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Minnesota Welcomes First Black-Owned Freight Farm

Minnesota Welcomes First Black-Owned Freight Farm

Rural Hennepin County in Minnesota welcomes the state’s inaugural Black-owned Freight Farm on March 27, marking a significant stride in modern produce cultivation within confined spaces, as reported by KARE11.

Freight Farms, a Boston-based agricultural technology company, pioneered the creation of “container farms” – hydroponic farming systems housed within freight containers.

Spearheaded by farmer Marcus Carpenter and his organization, Route 1, the arrival of the Minnesota Freight Farm signals a pivotal moment in the battle against hunger and unequal access to food.

“This is a momentous occasion,” Carpenter expressed as a semi-truck completed its journey from Massachusetts to Medina in rural Hennepin County.

“We are receiving our very first Freight Farm. The crane will unload the freight farm from the back of the truck.”

Freight Farms, headquartered in Boston, equips farmers worldwide with repurposed shipping containers, enabling efficient food cultivation within controlled environments. 

For Carpenter and Route 1, this innovative approach not only yields fresh produce but also fosters opportunities for youth involvement and education.

“In addition to producing over 200 pounds of fresh produce per week, this freight farm allows us to engage youth who may not have had exposure to agriculture,” Carpenter elaborated.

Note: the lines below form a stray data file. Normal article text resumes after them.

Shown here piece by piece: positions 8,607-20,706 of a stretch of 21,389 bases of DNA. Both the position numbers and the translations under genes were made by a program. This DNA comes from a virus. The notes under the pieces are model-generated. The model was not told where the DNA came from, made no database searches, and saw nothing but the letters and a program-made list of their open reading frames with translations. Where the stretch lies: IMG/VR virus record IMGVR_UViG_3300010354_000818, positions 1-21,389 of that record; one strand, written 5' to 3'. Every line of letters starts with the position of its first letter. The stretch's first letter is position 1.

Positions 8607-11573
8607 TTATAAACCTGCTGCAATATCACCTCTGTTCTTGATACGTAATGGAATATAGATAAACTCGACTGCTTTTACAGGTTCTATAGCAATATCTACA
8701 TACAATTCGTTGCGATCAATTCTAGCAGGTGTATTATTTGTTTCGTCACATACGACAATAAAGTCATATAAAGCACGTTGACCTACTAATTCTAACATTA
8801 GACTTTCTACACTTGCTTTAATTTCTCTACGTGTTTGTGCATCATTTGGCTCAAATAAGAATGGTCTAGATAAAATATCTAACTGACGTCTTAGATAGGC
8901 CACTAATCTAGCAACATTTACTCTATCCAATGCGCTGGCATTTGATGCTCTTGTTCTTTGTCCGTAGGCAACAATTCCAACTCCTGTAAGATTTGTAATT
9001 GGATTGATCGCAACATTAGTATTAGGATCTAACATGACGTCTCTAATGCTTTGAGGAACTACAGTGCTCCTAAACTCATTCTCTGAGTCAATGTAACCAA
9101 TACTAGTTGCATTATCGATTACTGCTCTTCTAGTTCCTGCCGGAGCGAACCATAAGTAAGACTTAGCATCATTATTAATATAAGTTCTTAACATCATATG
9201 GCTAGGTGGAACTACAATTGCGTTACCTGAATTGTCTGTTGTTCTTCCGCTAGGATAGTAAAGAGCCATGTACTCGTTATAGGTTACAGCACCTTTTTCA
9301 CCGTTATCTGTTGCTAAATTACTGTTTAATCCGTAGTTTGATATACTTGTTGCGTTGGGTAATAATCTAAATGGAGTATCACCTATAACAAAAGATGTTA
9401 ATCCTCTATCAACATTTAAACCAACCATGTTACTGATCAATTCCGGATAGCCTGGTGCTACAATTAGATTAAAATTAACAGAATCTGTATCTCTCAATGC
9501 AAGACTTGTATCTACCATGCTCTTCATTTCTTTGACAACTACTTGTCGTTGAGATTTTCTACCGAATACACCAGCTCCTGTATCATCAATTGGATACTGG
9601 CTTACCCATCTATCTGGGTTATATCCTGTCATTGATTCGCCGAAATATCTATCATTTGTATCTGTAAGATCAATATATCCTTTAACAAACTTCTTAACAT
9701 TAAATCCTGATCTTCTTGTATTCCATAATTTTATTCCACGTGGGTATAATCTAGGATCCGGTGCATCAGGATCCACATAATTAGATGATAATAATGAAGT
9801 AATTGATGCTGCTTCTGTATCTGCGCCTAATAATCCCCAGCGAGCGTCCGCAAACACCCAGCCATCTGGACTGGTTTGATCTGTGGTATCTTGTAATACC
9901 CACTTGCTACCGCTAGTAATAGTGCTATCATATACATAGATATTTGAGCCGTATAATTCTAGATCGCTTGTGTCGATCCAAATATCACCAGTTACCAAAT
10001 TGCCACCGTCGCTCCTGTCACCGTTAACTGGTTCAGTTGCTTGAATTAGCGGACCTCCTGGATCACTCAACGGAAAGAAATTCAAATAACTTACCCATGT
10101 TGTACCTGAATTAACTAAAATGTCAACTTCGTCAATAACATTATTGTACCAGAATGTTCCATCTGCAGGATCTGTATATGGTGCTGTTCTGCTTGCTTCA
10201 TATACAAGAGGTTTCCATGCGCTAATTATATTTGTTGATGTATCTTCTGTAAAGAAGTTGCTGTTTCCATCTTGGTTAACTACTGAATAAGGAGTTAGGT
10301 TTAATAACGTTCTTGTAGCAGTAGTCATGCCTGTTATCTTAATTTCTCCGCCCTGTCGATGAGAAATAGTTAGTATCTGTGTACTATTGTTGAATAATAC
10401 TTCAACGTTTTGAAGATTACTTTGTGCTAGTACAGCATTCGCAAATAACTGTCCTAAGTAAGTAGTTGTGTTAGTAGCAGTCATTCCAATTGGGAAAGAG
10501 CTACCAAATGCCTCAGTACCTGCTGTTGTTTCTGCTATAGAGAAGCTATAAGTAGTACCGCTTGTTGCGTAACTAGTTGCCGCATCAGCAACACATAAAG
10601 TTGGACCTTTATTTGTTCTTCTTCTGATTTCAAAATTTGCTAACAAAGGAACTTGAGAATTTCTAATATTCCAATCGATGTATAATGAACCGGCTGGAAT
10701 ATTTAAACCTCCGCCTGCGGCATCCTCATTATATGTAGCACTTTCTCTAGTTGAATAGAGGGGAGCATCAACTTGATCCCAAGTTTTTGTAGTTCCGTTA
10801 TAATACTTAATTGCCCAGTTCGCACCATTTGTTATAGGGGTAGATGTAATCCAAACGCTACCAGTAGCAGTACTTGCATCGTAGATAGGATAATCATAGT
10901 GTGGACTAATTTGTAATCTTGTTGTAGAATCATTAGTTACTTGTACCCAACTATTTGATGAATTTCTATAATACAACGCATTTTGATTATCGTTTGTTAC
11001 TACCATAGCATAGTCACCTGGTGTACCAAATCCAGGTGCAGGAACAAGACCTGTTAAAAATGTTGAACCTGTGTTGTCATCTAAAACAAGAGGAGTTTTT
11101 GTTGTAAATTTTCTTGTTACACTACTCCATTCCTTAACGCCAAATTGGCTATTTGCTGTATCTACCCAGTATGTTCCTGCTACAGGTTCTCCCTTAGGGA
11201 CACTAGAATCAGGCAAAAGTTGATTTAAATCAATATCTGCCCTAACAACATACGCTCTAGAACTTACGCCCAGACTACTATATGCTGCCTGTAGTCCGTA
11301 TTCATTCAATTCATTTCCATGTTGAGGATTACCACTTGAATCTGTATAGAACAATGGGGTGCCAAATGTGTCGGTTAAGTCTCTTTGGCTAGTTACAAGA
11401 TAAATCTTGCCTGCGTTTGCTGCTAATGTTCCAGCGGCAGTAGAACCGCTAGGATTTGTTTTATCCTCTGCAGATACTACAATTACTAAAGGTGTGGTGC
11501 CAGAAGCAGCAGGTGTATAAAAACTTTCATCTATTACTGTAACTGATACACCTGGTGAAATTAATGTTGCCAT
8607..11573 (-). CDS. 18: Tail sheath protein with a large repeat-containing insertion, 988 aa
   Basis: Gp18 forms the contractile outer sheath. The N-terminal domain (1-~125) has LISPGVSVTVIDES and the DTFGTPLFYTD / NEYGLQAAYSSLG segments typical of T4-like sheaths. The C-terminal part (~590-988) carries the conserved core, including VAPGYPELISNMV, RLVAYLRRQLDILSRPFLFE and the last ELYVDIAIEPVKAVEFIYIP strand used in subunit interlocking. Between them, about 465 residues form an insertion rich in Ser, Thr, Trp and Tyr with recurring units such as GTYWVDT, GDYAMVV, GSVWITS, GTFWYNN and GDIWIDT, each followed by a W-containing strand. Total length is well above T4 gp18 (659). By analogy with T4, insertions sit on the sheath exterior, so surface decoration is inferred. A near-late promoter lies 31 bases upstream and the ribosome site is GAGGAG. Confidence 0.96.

Route 1’s Commitment to Black Participation in Farming

Beyond farming, Route 1’s commitment extends to its MN Seeds to Success Youth Academy, offering hands-on agricultural and leadership education to address systemic barriers that have historically hindered Black participation in farming.

This initiative gains significance within the broader context of agricultural disparities. Carpenter highlights the historical lack of government support for Black farmers, which has led to underrepresentation in the agricultural sector and worsened food insecurity in Black communities.

“The modern approach of freight farming aims to change this,” Carpenter stressed. 

“It provides an opportunity to bring clean, culturally relevant, and nutritious food to the heart of some of our food deserts in low to medium-income areas.”

With support from American Family Insurance’s social impact initiative, Route 1’s freight farm represents a step towards bridging equity gaps and promoting sustainable community development.

Nyra Jordan, social impact investment director for AmFam Institute, emphasized Route 1’s multigenerational farming approach and its potential to drive positive change in Minnesota.

“While we have concerns about hunger in America,” Jordan told the Daily Yonder, “at the local level, and with the efforts of Route 1, there are solutions… 

By backing markets and Route 1, we’re supporting an innovative business model that provides farmers with the land and resources necessary for a thriving farming operation.

We hope to foster economic opportunities and address hunger through this approach.”


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